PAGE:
See, I have placed before you an open door that no one can shut. I know that you have little strength, yet you have kept my word and have not denied my name. — Rev. 3:8, NIV Continue reading “Advent Reading — The Open Door He Sets Before Us”
One way (possibly) to express what the word of God means in full (besides getting so narrow to say it means only the Bible) is this passage in Amos:
9 On that day, says the Lord God,
I will make the sun go down at noon,
and I will darken the earth in broad daylight.
10 I will turn your feasts into sad affairs
and all your singing into a funeral song;
I will make people wear mourning clothes
and shave their heads;
I will make it like the loss of an only child,
and the end of it like a bitter day.
11 The days are surely coming, says the Lord God,
when I will send hunger and thirst on the land;
neither a hunger for bread, nor a thirst for water,
but of hearing the Lord ’s words.
12 They will wander from sea to sea,
and from north to east;
they will roam all around, seeking the Lord’s word,
but they won’t find it. (Amos 8:9-12)
The famine of the word isn’t about lacking a printed word. It’s about the Lord not speaking any longer. There isn’t a “fresh word” from God.
It’s not something in addition to the written word. It is the ability to hear God.
Lord, give us ears to hear! Let the written word be made alive by the Living Word! Without hearing the Living Word, the written word can be right in front of us and we are still blind! We could still be deaf!
Speak to us, Living Word. Let us hear your word to the Church today!
One thing that has always stood out to me with Ezra was his commitment to the Law of the Lord. He gave himself to seeking the kingdom.
There is this last line in Ezra 7:9 — “…for the gracious hand of his God was on him.” Followed by this explanation in v. 10:
For Ezra had devoted himself to the study and observance of the Law of the Lord, and to teaching its decrees and laws in Israel.
May we have a hunger for the Word, for the Kingdom, for ALL that is available to us! And may we observe the rule of our King!
Our reading for this Sunday is Philippians, 1-2 Timothy, and Titus. As I read through 2 Timothy 3:10-4:5, I am once again convicted by these words. These verses are probably core to why the Spirit has led us on this journey as a church to read the entire New Testament this summer.
2 Tim. 3:16-17 is central. We need the power of the Word in our lives. We need the conviction of the Scripture to become so central.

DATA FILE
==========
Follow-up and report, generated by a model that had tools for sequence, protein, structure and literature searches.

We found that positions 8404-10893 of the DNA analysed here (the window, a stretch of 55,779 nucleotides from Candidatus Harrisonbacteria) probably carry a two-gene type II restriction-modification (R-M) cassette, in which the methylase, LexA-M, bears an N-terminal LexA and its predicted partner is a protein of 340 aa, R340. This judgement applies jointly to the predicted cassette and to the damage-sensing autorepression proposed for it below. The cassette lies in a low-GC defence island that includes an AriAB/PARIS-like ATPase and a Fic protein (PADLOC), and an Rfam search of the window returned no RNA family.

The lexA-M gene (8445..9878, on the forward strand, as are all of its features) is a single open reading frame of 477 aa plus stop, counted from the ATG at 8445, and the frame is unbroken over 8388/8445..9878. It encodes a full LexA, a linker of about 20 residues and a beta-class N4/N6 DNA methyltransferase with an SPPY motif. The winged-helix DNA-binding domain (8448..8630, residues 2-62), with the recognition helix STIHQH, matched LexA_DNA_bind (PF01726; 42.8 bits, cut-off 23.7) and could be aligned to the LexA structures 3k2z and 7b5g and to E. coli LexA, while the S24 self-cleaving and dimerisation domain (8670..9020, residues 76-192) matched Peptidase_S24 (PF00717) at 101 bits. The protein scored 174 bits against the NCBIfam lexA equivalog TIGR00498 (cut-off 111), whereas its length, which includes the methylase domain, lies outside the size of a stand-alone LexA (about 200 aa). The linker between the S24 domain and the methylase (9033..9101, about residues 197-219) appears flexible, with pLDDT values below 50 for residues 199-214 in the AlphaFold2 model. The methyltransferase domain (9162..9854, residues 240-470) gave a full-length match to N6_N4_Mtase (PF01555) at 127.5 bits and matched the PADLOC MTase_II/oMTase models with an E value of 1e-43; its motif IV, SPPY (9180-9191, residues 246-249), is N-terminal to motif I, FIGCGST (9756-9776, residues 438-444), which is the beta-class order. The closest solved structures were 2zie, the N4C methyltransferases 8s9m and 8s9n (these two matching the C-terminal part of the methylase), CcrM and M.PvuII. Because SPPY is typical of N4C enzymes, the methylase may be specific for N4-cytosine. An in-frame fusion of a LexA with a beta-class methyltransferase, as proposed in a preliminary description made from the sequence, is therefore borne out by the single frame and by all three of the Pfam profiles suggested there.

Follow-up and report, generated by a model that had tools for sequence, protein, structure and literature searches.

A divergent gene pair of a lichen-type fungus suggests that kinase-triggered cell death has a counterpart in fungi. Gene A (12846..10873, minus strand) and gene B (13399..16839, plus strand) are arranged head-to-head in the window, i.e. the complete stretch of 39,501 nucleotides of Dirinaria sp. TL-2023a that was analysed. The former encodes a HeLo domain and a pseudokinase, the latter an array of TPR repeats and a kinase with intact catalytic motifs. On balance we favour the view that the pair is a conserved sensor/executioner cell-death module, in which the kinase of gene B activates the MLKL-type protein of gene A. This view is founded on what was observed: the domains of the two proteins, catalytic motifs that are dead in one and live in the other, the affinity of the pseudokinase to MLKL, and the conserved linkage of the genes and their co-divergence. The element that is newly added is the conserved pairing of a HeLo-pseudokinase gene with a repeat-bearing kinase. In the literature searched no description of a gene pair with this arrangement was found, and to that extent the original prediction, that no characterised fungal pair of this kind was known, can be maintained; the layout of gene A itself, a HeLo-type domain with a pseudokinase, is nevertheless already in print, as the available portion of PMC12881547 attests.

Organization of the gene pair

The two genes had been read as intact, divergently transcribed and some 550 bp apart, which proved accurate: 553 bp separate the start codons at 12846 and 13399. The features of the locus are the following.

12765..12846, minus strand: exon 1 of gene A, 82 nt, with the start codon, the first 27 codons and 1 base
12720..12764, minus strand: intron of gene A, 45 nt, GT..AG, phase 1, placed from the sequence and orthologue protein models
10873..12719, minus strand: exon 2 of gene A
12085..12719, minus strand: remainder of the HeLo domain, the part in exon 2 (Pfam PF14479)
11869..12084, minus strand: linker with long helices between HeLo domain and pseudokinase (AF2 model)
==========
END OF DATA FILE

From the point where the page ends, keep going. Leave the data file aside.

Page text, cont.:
Our problem over the last several decades has been we proclaim to be “people of the Book,” but we haven’t even read the Book, let alone allow the Book to be used of the Spirit to mold us into the image of Christ.
As an offshoot of that problem has been the warped way we have done Bible study. We either get into this mode of asking, “What does this mean to me” without regard to what the text may actually say, or… We have become so lost in “examining the text” we have hopped up on “exegetical methods” and “higher critical methods” that we have forgotten a fundamental issue of the Word of God: While we are called to examine the Word, what is more important is that the Word examine us.
We have become arrogant. We have come to a place where we think we know better and we can actually explain away so much of the text so that just about nothing applies to our lives and we live pretty much unchanged.
There was a word I grew up with that doesn’t exist in Christianity any more. We’ve relegated it to a court term. Conviction.
We’ve lost our ability to sit and soak up the Word and let it examine us.
And we are not more enlightened. We are more in the dark than ever before.
As a church this summer, I invite every one of us again to “eat this book.” Be devoured by what the Word just may speak to you.
I understand this verse from Col. 3:16 means more than the Bible. I fully understand that.
My question is this: When it comes to the Word of God, how do YOU “dwell?” How do you get this Word into your spirit? I’d love to hear!